By Anne Galer, Extension Master Gardener
I first fell in love with orchids while living in Hong Kong many years ago. Every Friday a plane load of orchid blossoms from Singapore came into Kai Tak airport in Hong Kong and flooded the local outdoor markets with huge buckets of blooms. Later I lived in Singapore, joined the Royal Orchid Society and learned to grow them on the balcony of my apartment.
No longer in the tropics, my orchids live indoors now and thrive in the high desert climate of Albuquerque, which shows how adaptable they are. They are treated like my other houseplants (African violets, Christmas cactus, etc.). I water them once a week and keep them near a shaded south-facing window where they get early morning and late afternoon direct sun. Different orchids have different humidity and light requirements, so I have learned to choose those that fit into a low-humidity, good light regime.
A guilty secret: many of my orchid plants have come from Trader Joe’s. Because they are blooming at the store, you can choose the one you like, enjoy weeks of blooms and then look forward to a new round of flowers in several months. (Plus, they are an inexpensive, non-caloric temptation you can succumb to without guilt.) Phalaenopsis (moth orchids), Oncidiums (dancing ladies), and the occasional Dendrobium are the most common at TJ’s, and all of these will do well for growing at home. If fragrance is important to you, be sure to sniff before buying.
Impulse purchases aside, it is a good idea to do some research and find the varieties that fit with your indoor growing conditions. One of the best sites for orchid identification and care information is the Smithsonian Gardens site. The site has lovely pictures and describes the growing, light, and watering requirements for each of the main orchid genera. The site Orchid Care Tips is another good one with extensive information on orchid types and care. Even better, when the U.S. Botanic Garden opens again, take the time to do live research in the orchid room. Societies, such as the National Capital Orchid Society, are another good way to meet other orchid enthusiasts, get growing tips, and purchase plants.
Despite individual differences there are some orchid basics that apply to almost all of the plants: Orchids are epiphytes, meaning they derive moisture and nutrients from the air and rain; in nature they often grow on trees or other plants. With a few rare exceptions, they cannot be planted in regular soil. Their roots need free access to air and water and they are best potted in a bark medium labeled for orchids, available at most garden stores. After I bring them home, I move my newly purchased orchids to a new pot with bark medium once they have ended their bloom.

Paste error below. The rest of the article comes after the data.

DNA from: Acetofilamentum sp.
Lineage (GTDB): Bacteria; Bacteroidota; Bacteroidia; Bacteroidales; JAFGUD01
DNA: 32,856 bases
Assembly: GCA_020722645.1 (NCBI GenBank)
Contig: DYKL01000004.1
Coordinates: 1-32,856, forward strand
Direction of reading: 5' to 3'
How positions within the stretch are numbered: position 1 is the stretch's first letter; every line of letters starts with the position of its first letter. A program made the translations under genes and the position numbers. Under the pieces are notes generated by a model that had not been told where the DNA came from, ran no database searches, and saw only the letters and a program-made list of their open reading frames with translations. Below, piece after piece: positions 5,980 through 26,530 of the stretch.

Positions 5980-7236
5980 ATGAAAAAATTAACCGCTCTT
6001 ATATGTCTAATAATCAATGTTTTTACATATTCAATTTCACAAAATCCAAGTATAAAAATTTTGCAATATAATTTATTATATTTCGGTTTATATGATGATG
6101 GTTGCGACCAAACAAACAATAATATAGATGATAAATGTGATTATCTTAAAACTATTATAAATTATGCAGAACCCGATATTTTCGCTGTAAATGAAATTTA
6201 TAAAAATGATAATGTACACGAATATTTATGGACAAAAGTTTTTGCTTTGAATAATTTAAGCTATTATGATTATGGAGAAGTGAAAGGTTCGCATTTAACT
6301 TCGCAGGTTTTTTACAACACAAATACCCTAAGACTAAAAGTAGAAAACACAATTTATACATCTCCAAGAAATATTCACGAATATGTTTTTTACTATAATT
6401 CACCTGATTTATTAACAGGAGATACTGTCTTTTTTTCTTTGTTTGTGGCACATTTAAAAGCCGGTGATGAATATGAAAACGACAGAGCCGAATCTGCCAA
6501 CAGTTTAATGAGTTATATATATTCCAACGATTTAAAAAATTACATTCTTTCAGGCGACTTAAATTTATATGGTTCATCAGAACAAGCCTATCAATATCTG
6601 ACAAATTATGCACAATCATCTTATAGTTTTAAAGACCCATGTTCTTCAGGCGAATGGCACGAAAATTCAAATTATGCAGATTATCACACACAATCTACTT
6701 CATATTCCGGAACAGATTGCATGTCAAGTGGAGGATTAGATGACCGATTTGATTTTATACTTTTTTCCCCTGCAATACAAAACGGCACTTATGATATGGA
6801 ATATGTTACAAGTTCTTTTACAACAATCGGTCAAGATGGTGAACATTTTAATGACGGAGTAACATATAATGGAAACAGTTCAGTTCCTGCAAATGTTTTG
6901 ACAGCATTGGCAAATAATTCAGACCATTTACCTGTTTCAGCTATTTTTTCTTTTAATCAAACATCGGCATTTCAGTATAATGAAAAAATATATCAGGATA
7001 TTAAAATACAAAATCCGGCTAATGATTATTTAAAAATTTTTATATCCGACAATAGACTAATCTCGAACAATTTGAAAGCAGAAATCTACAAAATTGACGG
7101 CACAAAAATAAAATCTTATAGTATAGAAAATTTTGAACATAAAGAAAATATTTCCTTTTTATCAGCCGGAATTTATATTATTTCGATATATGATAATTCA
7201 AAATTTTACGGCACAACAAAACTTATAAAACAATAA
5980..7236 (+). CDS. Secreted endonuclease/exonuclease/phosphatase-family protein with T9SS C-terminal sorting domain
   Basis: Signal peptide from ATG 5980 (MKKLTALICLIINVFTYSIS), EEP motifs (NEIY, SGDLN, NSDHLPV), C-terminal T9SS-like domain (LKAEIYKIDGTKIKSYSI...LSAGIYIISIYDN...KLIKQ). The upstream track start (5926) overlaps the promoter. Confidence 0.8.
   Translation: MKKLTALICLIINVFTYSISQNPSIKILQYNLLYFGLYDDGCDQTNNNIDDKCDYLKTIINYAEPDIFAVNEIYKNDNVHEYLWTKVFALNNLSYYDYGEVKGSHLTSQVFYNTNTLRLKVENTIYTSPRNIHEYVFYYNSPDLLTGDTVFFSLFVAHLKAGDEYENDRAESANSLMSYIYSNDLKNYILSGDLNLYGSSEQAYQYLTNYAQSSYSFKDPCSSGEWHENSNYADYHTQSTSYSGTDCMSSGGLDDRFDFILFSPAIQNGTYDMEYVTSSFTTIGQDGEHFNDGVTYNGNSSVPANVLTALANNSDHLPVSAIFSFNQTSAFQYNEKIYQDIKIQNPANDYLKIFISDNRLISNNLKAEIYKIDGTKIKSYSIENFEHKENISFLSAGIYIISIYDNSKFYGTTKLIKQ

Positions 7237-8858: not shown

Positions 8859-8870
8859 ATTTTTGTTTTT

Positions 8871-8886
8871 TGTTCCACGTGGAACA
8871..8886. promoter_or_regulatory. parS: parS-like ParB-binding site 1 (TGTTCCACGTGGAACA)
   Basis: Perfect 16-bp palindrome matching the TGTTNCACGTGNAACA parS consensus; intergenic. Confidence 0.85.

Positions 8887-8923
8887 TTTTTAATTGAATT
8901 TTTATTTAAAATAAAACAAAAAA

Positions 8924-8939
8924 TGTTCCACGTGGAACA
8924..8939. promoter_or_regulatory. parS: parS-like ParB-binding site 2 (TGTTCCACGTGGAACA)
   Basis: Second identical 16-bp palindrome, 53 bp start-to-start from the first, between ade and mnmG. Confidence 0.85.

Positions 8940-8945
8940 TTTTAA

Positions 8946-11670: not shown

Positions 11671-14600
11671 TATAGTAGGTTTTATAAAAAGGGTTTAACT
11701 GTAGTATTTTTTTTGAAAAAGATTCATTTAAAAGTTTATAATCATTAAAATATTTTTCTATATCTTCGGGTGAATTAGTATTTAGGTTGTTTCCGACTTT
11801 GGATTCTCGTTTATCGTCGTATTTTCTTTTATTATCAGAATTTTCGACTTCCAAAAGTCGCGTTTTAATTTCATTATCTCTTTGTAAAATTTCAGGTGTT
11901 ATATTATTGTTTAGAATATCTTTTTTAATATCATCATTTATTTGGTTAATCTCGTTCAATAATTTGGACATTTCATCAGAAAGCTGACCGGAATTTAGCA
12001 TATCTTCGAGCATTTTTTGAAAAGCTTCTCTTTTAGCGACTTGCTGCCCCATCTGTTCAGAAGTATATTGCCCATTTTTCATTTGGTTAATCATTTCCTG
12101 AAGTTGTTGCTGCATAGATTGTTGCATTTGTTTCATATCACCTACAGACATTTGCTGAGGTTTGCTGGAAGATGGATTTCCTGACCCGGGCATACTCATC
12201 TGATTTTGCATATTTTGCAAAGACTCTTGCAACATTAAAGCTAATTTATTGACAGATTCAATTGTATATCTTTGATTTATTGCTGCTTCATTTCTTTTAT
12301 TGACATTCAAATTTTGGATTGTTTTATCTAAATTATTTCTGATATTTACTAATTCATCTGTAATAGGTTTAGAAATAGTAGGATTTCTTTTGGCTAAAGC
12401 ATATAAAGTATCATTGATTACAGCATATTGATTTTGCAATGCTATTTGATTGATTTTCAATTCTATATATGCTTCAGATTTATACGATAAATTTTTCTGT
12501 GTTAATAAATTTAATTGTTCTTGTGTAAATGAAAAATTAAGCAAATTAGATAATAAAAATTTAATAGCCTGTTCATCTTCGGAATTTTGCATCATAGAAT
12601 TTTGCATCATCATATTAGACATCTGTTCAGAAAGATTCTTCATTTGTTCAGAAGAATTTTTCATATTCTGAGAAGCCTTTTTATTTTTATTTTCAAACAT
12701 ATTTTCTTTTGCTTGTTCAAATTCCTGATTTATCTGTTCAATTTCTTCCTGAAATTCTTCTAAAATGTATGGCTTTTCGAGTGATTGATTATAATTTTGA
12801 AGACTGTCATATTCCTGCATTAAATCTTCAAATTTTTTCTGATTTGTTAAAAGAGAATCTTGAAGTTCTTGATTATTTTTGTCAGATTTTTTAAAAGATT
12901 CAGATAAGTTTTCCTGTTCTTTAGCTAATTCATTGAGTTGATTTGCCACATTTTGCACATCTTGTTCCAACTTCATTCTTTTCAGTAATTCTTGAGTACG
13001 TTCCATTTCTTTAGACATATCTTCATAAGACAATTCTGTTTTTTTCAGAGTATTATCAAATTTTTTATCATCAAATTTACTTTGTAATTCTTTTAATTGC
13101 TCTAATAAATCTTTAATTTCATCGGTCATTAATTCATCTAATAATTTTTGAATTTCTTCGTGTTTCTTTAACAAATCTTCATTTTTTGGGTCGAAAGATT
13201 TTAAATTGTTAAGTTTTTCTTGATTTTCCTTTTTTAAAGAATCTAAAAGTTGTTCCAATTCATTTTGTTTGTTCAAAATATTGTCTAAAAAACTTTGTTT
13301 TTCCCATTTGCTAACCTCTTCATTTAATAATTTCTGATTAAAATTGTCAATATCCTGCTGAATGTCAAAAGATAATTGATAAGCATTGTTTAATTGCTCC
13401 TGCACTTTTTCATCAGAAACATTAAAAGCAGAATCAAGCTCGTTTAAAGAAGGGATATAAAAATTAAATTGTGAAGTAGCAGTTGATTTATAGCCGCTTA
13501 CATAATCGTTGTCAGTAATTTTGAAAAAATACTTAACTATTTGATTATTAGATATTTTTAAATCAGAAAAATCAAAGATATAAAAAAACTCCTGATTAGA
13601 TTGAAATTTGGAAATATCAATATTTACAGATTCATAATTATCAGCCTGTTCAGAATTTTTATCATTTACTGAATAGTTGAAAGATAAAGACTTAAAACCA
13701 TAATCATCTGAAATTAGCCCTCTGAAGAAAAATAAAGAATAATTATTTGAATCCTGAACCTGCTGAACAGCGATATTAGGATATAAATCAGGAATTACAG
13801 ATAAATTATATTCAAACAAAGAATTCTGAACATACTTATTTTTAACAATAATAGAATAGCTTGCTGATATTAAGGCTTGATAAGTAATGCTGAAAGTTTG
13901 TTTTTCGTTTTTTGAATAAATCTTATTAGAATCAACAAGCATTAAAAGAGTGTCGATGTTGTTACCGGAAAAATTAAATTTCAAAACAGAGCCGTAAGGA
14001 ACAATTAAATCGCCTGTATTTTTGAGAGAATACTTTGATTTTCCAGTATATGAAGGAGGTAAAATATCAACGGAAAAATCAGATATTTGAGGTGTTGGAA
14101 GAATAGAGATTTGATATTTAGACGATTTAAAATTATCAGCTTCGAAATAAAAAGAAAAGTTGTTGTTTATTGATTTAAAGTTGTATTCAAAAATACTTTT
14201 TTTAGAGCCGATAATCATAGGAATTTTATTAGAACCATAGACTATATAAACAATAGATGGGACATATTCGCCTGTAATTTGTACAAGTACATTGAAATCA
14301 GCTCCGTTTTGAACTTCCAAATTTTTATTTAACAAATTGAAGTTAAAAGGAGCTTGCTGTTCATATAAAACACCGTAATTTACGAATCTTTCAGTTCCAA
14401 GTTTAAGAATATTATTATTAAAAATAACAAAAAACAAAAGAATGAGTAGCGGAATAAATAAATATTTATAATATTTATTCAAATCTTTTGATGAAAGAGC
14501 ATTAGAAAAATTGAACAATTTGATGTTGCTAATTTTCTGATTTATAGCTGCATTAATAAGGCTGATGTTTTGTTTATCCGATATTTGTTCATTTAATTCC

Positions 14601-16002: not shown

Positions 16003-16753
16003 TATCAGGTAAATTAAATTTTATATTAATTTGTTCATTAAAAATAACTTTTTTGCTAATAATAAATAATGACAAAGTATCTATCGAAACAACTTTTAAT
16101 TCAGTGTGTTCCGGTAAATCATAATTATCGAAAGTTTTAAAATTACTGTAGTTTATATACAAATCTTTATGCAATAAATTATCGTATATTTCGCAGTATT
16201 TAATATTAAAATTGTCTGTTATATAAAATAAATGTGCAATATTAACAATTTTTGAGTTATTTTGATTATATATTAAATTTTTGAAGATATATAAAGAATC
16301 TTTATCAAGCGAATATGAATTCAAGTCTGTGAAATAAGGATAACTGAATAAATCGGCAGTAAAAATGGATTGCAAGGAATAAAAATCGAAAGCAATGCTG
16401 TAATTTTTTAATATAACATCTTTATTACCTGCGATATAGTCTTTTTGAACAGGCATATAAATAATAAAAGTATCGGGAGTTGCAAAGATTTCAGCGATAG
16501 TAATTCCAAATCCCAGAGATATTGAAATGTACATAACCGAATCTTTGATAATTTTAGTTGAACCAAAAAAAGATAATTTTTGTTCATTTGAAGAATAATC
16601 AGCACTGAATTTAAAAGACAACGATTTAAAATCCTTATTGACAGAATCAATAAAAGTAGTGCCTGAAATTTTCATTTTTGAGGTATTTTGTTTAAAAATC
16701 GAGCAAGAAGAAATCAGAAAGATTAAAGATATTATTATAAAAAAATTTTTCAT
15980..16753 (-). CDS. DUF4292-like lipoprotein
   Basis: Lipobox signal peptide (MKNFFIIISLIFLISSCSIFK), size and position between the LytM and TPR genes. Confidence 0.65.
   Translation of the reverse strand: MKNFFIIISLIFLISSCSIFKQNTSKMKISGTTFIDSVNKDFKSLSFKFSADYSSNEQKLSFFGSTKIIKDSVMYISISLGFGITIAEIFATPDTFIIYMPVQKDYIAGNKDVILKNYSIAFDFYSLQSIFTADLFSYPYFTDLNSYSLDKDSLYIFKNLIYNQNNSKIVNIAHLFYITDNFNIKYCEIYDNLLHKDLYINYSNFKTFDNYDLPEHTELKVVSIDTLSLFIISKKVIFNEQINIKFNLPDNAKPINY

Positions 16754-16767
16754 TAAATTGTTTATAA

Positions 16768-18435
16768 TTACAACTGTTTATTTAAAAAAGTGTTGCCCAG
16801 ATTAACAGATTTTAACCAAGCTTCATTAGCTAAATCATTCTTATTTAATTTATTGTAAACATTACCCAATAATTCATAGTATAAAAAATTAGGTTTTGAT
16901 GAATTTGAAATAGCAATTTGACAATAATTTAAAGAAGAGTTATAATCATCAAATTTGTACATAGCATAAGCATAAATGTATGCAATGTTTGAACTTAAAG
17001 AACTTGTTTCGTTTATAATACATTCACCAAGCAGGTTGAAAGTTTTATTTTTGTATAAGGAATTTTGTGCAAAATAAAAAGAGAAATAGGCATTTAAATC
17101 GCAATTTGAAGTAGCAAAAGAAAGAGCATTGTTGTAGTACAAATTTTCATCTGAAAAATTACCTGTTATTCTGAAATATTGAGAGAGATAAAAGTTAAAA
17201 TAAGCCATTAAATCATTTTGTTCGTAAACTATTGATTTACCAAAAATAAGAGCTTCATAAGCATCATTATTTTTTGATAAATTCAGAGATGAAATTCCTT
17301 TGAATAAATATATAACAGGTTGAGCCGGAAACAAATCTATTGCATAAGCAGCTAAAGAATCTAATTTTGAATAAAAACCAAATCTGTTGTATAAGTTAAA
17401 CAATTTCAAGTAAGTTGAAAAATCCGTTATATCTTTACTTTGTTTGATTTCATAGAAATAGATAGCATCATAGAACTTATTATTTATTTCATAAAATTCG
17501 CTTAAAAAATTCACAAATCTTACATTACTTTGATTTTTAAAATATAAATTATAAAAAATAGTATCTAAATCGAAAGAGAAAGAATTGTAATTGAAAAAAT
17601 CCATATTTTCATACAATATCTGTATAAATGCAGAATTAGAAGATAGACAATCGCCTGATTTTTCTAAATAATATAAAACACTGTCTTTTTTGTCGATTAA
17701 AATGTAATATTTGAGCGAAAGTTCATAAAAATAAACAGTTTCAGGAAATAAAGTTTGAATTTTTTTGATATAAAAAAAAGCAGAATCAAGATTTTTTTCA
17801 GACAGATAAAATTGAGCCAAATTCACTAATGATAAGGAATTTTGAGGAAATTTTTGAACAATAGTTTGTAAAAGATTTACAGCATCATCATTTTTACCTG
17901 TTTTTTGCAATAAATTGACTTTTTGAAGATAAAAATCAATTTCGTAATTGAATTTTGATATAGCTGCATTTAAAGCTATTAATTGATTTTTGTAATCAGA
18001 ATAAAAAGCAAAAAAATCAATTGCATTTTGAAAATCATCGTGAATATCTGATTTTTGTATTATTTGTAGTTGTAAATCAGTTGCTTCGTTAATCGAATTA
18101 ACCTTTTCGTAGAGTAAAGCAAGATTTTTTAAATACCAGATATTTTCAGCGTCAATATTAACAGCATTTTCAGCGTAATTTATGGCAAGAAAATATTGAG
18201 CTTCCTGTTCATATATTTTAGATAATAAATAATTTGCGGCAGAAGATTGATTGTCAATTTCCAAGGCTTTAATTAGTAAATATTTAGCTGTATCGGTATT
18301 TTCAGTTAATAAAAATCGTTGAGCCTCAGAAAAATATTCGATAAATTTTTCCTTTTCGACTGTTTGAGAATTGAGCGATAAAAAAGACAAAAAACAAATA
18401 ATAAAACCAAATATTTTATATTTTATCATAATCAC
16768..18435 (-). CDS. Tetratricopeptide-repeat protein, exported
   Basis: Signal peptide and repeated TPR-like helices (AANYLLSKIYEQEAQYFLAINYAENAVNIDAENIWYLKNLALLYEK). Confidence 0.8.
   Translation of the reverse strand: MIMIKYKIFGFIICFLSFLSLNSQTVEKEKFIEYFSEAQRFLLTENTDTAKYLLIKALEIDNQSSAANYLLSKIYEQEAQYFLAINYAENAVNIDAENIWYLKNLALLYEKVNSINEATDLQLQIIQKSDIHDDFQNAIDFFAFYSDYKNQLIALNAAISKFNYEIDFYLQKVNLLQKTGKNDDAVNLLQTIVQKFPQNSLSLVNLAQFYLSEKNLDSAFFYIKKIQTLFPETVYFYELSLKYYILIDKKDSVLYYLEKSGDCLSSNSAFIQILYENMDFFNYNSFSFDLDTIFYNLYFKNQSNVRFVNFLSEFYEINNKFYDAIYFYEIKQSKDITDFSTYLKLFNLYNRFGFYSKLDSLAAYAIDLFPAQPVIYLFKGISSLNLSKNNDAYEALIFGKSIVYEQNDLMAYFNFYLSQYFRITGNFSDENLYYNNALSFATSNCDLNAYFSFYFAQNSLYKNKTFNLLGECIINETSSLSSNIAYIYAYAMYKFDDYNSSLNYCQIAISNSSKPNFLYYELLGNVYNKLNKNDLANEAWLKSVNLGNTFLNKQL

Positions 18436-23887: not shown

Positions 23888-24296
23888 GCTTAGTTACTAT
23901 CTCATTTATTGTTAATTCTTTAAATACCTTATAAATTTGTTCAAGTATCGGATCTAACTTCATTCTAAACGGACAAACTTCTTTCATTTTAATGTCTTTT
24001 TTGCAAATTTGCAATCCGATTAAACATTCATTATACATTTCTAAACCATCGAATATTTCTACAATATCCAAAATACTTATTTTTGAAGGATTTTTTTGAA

Whether you use an orchid pot with holes on the sides or a regular pot, make sure it has good drainage. When watering use room-temperature water and let it run through the bark medium and drain completely. Like other houseplants, orchids should not sit in water or their roots will rot. Weekly, weakly is the mantra for orchid fertilizer, but I rarely apply a very weak solution more than once a month and mine seem fine with that.
Over time you will learn what types of orchids do best under your conditions. For example, I have learned that orchids with thick leaves, like Phalaenopsis and Dendrobium, do better with the low humidity in my house. Consulting at the Albuquerque Orchid Society plant clinic, I found that the reason my beautiful “Dancing Lady” Oncidiums were growing stunted, wavy leaves was lack of humidity, so I gave them away to a friend with the right environment. I couldn’t part with my thin-leaved Miltonia, however, so I try to spritz it with water more frequently and accept that it won’t bloom as often.
While I will never achieve the orchid growing status of my friend who had a glorious Cattleya named after her, I always delight in my plants and enjoy watching the flower spikes develop into the weeks-long sprays of bloom. As the snow falls outside on this early February afternoon, the room is filled with the tropical fragrance of my Dendrobium nobile as I admire the pink-tinged white blooms it gives me with such little effort on my part.